• We don’t have a good read on just how frequent coronal mass ejections from M-dwarfs are, and how intense they tend to be. Right now these questions need more investigation, though the authors believe the frequency may be less than some earlier studies have indicated.
  • A strong magnetosphere can help to shield a planet that would otherwise be imperiled.
  • The atmospheric chemistry and composition may be key, and there is one study that shows that around active M-dwarfs with an atmosphere consisting mostly of CO2, the atmosphere remains stable despite nearby flare and CME activity.

The paper summarizes the issue this way:

These differences imply that a planet in the habitable zone of an M dwarf is unlikely to be a twin of the Earth. Habitability however is not restricted to Earth twins, and Barnes et al. (2010) conclude that “no known phenomenon completely precludes the habitability of terrestrial planets orbiting cool stars.” A massive telluric planet, like Gl667Cc (M2.sin i = 4.25 M⊕), most likely has a massive planetary core, and as a consequence a stronger dynamo and a more active volcanism. Both factors help protect against atmospheric escape, and super-Earths may perhaps be better candidates for habitability around M dwarfs than true Earth-mass planets.

So there we are: Tens of billions of rocky planets in the habitable zones of red dwarfs, and perhaps 100 relatively near to the Sun, according to the estimates of these researchers. What we need to do now is increase the red dwarf planet inventory with future instruments made to order — state of the art near-infrared spectrographs that, in the authors’ estimate, should be able to identify between 50 and 100 planets in the habitable zones of M-dwarfs. That should be enough, even with a 2-3% transit probability, to find at least one transiting habitable world.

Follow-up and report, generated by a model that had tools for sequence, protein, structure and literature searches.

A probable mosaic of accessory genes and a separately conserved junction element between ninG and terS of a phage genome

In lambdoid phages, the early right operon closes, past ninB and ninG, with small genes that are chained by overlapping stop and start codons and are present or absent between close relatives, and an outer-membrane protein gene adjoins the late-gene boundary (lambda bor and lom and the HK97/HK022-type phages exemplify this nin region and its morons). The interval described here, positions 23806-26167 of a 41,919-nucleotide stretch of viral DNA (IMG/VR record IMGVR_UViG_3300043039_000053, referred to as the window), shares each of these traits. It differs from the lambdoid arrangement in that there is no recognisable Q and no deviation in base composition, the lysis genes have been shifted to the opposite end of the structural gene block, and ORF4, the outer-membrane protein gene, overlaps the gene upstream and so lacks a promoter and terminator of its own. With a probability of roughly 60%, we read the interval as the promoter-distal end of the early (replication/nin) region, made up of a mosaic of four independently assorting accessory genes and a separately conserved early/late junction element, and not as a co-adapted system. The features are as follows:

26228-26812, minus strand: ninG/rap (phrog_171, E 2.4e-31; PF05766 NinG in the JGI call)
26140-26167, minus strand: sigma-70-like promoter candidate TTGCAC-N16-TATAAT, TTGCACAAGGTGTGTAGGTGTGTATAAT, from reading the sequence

The Delfosse et al. paper is “The HARPS search for southern extra-solar planets XXXV. Super-Earths around the M-dwarf neighbors Gl433 and Gl667C,” submitted to Astronomy & Astrophysics (abstract). The Bonfils paper is Bonfils et al., “The HARPS search for southern extra-solar planets XXXI. The M-dwarf sample,” submitted to Astronomy & Astrophysics (full text). The ESO news release is also available.


Comments on this entry are closed.

  • Greg March 29, 2012, 10:09

    This reminds me of “The Draco Tavern” by Larry Niven, the chirpsithra say they colonized the galaxy but they only live around red dwarf stars.

  • Tulse March 29, 2012, 10:10

    I presume that CMEs and flares don’t have much of an impact on the non-sunward side of a planet, in which case tidal locking might actually be an advantage. As long as a planet has a dense enough atmosphere to redistribute solar energy, this actually be the ideal arrangement for biology on these worlds.